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Does the NFL have a women problem?

Roger Goodell at Super Bowl XLVII. (Charlie Riedel / AP)

The NFL sent a message with its latest disciplinary move, suspending Baltimore Ravens running back Ray Rice because of a domestic incident that it deems to be a violation of its personal conduct policy. Unfortunately, the recipients of Commissioner Roger Goodell’s message are women.

Rice was suspended the first two games of the season after a February incident in which he allegedly knocked his then-fiancée unconscious in the elevator of an Atlantic City casino. The incident was captured on disturbing video and Rice entered a not-guilty plea to a third-degree charge of aggravated assault. He avoided trial by being accepted into a pretrial intervention program in May. The following month, he met with Goodell, who can use the league’s personal-conduct policy to suspend players even if they are not charged or convicted of a crime.

The suspension sparked an instant and heated debate over how the league dishes out punishment, given that drug violations typically draw longer suspensions.  It particularly resonated poorly with women, sending the wrong message just as NFL viewership among them is at a high and when the league is, once again, openly courting the audience of women and their financial clout. At a time when some women employed as cheerleaders are suing teams in several cities over low wages, the suspension especially strikes another oddly off-key note for a league that has always been better at PR than this.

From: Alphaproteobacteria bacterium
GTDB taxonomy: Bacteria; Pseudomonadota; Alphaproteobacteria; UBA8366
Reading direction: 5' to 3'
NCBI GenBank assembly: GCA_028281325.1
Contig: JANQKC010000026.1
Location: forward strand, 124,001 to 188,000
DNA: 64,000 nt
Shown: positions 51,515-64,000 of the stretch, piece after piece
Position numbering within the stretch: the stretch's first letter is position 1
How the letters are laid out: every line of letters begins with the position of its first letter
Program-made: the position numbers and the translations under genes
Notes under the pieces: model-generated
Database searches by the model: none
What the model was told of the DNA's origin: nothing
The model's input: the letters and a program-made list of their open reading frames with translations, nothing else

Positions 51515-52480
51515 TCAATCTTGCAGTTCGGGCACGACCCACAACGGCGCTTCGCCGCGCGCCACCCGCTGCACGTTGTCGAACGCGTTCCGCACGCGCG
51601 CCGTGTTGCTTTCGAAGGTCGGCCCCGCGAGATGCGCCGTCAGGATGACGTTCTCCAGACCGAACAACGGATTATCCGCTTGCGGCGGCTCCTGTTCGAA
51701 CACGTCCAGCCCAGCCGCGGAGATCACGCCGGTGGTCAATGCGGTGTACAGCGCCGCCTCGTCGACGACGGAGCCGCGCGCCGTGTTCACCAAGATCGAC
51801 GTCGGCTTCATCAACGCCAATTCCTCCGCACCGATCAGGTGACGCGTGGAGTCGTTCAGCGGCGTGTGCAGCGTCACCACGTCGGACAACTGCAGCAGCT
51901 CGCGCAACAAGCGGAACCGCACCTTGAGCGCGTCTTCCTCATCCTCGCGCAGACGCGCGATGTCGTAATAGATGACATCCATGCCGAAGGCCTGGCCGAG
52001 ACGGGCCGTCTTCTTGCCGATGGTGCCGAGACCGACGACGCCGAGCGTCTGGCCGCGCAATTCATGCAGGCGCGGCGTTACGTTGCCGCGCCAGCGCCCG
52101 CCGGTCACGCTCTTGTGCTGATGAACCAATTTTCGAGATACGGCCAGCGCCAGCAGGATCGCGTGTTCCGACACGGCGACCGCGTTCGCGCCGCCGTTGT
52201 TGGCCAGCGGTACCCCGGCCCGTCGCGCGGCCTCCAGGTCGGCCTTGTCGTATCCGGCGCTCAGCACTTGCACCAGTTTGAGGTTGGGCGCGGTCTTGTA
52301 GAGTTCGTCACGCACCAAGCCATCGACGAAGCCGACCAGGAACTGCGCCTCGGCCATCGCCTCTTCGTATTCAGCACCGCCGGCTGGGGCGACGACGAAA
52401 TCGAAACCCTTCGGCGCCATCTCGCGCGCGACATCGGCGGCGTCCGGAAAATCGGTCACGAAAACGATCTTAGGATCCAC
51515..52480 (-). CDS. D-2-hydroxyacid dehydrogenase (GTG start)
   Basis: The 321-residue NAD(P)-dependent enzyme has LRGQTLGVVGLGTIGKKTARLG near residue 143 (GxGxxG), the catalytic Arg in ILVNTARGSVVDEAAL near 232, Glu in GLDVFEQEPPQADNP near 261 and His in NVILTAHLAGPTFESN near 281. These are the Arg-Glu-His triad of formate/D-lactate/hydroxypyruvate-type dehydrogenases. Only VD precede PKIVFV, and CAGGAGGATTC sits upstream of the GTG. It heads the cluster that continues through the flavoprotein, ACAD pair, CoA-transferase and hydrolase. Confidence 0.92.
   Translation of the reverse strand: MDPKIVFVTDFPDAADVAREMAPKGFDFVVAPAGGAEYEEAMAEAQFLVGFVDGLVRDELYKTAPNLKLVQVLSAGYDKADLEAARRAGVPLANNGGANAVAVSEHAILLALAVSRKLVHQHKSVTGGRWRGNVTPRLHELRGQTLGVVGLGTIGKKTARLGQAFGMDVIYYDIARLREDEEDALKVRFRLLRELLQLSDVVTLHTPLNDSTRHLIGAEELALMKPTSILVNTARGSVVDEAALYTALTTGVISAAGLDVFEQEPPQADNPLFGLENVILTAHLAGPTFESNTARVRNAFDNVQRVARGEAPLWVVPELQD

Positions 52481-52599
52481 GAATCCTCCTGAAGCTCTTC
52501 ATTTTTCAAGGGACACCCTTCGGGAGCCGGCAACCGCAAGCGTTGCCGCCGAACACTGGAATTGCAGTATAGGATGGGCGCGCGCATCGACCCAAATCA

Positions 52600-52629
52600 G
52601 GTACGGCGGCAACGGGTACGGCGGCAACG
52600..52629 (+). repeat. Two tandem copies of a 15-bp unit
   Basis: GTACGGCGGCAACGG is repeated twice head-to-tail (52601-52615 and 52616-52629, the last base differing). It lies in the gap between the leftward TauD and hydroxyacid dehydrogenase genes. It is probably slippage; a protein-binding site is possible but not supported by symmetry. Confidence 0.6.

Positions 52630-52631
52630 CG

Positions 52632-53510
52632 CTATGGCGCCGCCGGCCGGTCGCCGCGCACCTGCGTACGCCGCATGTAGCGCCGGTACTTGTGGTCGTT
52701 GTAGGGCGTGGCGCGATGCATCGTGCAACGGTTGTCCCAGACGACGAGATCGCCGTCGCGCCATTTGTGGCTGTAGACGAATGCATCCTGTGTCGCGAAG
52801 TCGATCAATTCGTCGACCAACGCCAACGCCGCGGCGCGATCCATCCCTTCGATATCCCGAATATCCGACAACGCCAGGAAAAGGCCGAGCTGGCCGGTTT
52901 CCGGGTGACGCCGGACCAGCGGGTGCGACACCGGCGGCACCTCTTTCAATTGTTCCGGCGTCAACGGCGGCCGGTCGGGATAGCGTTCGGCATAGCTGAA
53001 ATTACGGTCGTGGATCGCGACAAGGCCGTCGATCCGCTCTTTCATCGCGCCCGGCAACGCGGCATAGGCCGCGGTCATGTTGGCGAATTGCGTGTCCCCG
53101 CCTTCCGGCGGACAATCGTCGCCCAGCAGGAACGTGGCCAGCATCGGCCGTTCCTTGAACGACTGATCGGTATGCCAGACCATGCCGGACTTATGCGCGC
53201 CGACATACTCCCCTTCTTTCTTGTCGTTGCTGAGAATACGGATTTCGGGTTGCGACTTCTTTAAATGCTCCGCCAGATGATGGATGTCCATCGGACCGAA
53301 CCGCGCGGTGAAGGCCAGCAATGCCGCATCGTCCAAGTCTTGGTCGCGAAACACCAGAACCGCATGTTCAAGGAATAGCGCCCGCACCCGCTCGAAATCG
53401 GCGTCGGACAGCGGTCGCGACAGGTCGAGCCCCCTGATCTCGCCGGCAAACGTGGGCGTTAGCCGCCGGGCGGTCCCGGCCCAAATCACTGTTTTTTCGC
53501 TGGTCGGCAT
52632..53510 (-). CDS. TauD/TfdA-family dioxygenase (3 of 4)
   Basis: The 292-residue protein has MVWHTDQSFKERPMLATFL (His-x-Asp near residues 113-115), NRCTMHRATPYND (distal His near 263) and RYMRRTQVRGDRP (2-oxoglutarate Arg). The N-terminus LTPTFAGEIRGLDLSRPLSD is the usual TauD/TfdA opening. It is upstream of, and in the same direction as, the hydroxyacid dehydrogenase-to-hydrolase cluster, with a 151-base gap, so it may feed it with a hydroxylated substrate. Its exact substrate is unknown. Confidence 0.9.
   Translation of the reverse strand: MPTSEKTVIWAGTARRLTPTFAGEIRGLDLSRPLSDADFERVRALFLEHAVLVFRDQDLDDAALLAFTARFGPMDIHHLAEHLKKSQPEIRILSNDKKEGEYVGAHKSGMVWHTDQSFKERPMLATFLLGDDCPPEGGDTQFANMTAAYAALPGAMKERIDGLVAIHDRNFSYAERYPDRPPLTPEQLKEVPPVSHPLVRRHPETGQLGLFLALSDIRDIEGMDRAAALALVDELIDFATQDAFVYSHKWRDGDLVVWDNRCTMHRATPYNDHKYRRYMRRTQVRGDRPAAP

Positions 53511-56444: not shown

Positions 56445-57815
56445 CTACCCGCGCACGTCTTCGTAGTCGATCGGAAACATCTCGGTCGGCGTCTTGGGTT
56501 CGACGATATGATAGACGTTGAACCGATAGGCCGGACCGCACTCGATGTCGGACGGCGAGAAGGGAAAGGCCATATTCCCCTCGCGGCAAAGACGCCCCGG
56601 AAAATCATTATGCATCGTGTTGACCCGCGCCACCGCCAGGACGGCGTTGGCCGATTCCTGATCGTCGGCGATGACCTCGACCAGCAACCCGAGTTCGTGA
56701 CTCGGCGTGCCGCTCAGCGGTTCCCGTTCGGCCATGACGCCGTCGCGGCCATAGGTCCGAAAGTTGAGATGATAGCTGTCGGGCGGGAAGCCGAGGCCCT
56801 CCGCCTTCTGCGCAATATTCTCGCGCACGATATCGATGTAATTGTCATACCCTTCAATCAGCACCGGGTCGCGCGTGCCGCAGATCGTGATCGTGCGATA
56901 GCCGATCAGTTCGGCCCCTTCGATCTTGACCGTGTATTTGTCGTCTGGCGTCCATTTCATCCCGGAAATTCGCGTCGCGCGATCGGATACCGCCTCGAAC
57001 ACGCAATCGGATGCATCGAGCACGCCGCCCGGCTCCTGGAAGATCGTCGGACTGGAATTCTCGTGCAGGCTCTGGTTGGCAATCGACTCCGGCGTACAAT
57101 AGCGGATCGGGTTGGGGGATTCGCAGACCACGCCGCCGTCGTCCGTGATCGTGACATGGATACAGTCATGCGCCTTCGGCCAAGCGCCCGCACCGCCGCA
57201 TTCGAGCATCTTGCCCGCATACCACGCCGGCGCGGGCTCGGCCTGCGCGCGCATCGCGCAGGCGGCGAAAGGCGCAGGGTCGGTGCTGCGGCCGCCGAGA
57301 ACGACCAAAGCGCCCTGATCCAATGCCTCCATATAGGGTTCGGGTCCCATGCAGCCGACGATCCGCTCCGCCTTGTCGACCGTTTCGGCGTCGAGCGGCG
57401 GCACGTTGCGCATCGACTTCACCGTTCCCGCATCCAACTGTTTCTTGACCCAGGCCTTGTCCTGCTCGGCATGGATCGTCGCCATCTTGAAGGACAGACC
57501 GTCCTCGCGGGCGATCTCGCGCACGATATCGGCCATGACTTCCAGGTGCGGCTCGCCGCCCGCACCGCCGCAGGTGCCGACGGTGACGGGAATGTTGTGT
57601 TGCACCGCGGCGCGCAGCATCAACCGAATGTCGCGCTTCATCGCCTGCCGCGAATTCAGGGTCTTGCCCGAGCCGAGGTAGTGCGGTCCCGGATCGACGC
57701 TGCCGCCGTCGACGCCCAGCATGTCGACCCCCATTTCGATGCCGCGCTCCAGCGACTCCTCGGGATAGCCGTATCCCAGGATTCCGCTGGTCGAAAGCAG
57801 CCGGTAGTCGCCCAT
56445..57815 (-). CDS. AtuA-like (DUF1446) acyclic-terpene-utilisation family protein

In fact, the NFL would do well to remember that women haven’t always flocked to its games. There was a time when the league had to do damage control, especially after Rae Carruth of the Carolina Panthers was sent to prison for his role in the shooting death of his then-pregnant girlfriend in 1999. The league embarked on an image makeover, doing things like having players hand out roses to women at breast cancer walks. Now, in addition to clothing specifically designed for and marketed to women (yes, there’s a Ray Rice women’s jersey), there’s a league-wide initiative to raise breast cancer awareness every October. Yet recent incidents involving Panthers defensive end Greg Hardy, Arizona Cardinals linebacker Daryl Washington and Rice are troubling.

They’re also dangerous, with Scarborough Research finding that women represent approximately 45 percent of the NFL’s fans and almost 33 percent of the its viewing audience, based on Nielsen data reported by Sports Business Daily last fall. Women, Ann Bastianelli of Indiana University’s Kelley School of Business told ESPNW, make 70 percent of “important family decisions.”

The NFL might have thought that its punishment would not be controversial, despite that shocking casino video of the Rice incident, and it handled it rather nonchalantly, as did Ravens Coach John Harbaugh initially at training camp Thursday. “It’s not a big deal, it’s just part of the process. … there are consequences when you make a mistake like that,” Harbaugh said. “I stand behind Ray. He’s a heck of a guy. He’s done everything right since. He makes a mistake, all right? He’s going to have to pay a consequence. I think that’s good for kids to understand it works that way. That’s how it works, that’s how it should be.”